One of Britain’s tallest magnolia trees felled over health and safety fears

The magnolia tree before and after it was felled
The magnolia tree before and after it was felled

A magnolia tree believed to be among the tallest in Britain has been felled over health and safety concerns.

The 60ft tree, which was planted in a garden in Dorset more than 50 years ago, was cut down after it was found to be in a state of decay.

The owners of the property in Poole had to apply for permission to remove the magnolia because it was covered by a tree protection order.

The local authority granted approval after the owners warned it could fall and damage their own and neighbouring properties.

But those living nearby expressed disappointment there was no solution to keep the tree, which often received visitors during spring to see its blossom.

Neighbour Steve Trew said: “It is a shame. We’ve only been here a few years but we thought it was a lovely tree and were very disappointed when it went.”

The council previously stated that the giant magnolia, which was located in the Lilliput neighbourhood of Poole, contributed “significant visual amenity” to the area and was a “fine example of an unusual tree, therefore it has rarity value”.

A view of the tree before it was felled...
A view of the tree before it was felled... - Corin Messer/Corin Messer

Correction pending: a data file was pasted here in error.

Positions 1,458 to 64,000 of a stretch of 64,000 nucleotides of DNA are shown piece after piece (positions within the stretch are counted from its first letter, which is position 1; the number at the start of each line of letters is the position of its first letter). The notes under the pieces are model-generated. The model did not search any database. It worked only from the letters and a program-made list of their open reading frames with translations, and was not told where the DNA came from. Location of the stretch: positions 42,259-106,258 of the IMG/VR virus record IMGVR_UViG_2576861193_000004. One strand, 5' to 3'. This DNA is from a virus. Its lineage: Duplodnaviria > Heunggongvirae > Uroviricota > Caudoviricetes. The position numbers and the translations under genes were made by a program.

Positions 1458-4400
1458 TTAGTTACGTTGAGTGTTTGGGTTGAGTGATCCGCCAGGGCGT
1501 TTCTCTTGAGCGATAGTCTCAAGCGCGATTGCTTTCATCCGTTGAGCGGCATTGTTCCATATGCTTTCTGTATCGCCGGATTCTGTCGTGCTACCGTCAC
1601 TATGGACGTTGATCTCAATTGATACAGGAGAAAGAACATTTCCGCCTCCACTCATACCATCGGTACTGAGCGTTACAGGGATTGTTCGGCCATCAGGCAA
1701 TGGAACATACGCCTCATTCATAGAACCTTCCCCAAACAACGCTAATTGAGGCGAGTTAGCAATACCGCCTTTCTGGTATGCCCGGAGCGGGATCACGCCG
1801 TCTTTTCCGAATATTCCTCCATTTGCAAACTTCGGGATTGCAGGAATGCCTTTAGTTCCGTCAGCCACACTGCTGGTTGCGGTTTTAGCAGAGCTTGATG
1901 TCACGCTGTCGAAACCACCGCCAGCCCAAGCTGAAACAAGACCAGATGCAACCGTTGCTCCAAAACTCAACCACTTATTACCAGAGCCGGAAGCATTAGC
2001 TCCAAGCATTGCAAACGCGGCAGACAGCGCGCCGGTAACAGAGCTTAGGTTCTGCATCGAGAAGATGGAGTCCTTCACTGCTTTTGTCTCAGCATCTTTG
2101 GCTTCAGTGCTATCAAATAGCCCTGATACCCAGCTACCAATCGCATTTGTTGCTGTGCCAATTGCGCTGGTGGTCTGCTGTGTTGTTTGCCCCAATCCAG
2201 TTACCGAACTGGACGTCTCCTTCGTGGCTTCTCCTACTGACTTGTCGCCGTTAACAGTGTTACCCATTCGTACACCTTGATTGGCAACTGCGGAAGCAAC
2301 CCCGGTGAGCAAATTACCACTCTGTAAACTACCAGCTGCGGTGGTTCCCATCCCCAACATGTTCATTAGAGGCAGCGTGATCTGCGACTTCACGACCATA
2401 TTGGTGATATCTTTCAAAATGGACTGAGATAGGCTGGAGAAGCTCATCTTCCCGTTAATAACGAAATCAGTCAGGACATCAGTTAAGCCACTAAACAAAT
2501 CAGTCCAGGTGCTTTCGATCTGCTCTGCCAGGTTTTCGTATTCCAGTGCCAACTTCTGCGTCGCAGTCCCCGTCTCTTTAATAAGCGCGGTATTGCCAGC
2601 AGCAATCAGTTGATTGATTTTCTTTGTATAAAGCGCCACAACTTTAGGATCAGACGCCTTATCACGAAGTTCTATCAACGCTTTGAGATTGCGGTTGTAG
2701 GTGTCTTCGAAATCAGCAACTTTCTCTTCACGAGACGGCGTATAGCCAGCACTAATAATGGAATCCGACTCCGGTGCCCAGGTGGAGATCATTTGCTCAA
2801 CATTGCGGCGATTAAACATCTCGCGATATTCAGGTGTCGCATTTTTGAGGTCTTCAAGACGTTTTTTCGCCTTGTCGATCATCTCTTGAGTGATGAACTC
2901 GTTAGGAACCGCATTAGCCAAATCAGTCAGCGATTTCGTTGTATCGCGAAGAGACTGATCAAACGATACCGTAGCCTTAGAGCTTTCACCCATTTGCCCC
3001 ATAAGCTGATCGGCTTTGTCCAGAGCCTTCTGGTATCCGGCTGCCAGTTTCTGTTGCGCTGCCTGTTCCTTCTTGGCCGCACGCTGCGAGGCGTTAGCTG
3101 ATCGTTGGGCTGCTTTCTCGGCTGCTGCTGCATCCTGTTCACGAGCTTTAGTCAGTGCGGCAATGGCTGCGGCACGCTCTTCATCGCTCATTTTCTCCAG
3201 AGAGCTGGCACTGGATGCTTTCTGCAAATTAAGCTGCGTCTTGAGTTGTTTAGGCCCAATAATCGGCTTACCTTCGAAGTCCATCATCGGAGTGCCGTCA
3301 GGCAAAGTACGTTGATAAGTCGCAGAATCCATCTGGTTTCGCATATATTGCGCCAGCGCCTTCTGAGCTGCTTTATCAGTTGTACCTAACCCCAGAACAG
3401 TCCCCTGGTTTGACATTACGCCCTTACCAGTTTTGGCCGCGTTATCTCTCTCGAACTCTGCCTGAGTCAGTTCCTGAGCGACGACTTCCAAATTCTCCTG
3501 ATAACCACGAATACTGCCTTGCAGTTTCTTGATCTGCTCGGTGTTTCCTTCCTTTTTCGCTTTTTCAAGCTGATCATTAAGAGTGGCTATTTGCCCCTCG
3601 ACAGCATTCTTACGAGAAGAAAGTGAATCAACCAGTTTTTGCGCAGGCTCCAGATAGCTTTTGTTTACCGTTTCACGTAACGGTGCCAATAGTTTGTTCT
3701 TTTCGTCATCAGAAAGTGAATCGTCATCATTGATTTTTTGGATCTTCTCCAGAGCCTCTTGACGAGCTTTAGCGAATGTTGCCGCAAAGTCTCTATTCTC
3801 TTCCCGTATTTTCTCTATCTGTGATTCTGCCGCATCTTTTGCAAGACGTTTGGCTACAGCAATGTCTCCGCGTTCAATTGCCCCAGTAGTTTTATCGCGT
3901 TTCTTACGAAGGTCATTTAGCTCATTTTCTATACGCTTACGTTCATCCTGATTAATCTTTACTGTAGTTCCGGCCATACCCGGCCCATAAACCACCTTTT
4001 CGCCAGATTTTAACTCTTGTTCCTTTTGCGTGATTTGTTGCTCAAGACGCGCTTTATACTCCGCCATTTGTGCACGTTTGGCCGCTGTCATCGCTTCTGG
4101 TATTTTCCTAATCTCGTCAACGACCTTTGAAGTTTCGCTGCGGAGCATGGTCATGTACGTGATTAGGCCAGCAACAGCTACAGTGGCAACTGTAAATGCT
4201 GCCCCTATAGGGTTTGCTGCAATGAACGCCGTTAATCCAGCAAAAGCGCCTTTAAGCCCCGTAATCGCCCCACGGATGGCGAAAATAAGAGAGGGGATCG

A view of the garden after the tree was felled
...and after - BNPS

The tree preservation order was put in place during the 1980s, after the original owner of the property died and neighbours became concerned a new resident of the house might want to remove the magnolia.

But council records showed some neighbours had since complained that the tree had grown too big for the garden and produced enough petals to fill five wheelie bins a year.

The magnolia is the latest high-profile tree to be cut down or threatened.

Last year Haringey Council brought in masked security officers after a bitter row broke out over a 120-year-old plane tree.

The council said it had no choice but to cut it down after the insurers of two nearby houses, responsible for subsidence on the property, threatened legal action.

‘Obvious decay’

A report by arboricultural consultant Andrew Cleaves had found decay in the Lilliput magnolia, but said it was inconclusive whether it had yet reached a critical point.

Mr Cleaves found fungal fruit bodies on the tree, believed to be either Ganoderma australe or applanatum, both of which cause white rot. He said the fungi appeared well established and was “causing obvious decay in the north stem and causing symptoms in the crown”.

Mr Cleaves said the tree’s exposed position to prevailing winds from nearby Poole Harbour meant there was a risk it could fall and damage properties.

He said in the report: “Whether the condition of the tree has yet reached a critical point probably cannot be pinpointed without testing using internal decay detection equipment, however the direction of travel is clear; the decline in the crown and decay in the stems can only worsen.”

Graham Whitehall, of the Dorset Lake Community Group, said it was a shame to lose the “magnificent” tree, which had grown well above the average 20ft height of a magnolia.

“It’s a difficult one, I’m a big tree lover but I think this was the right tree in the wrong place,” he said.

The owners will now have to plant a Maidenhair, also known as a ginkgo biloba, that is at least 6.5ft tall, and within 16ft of where the magnolia had previously been, under conditions laid down by the council.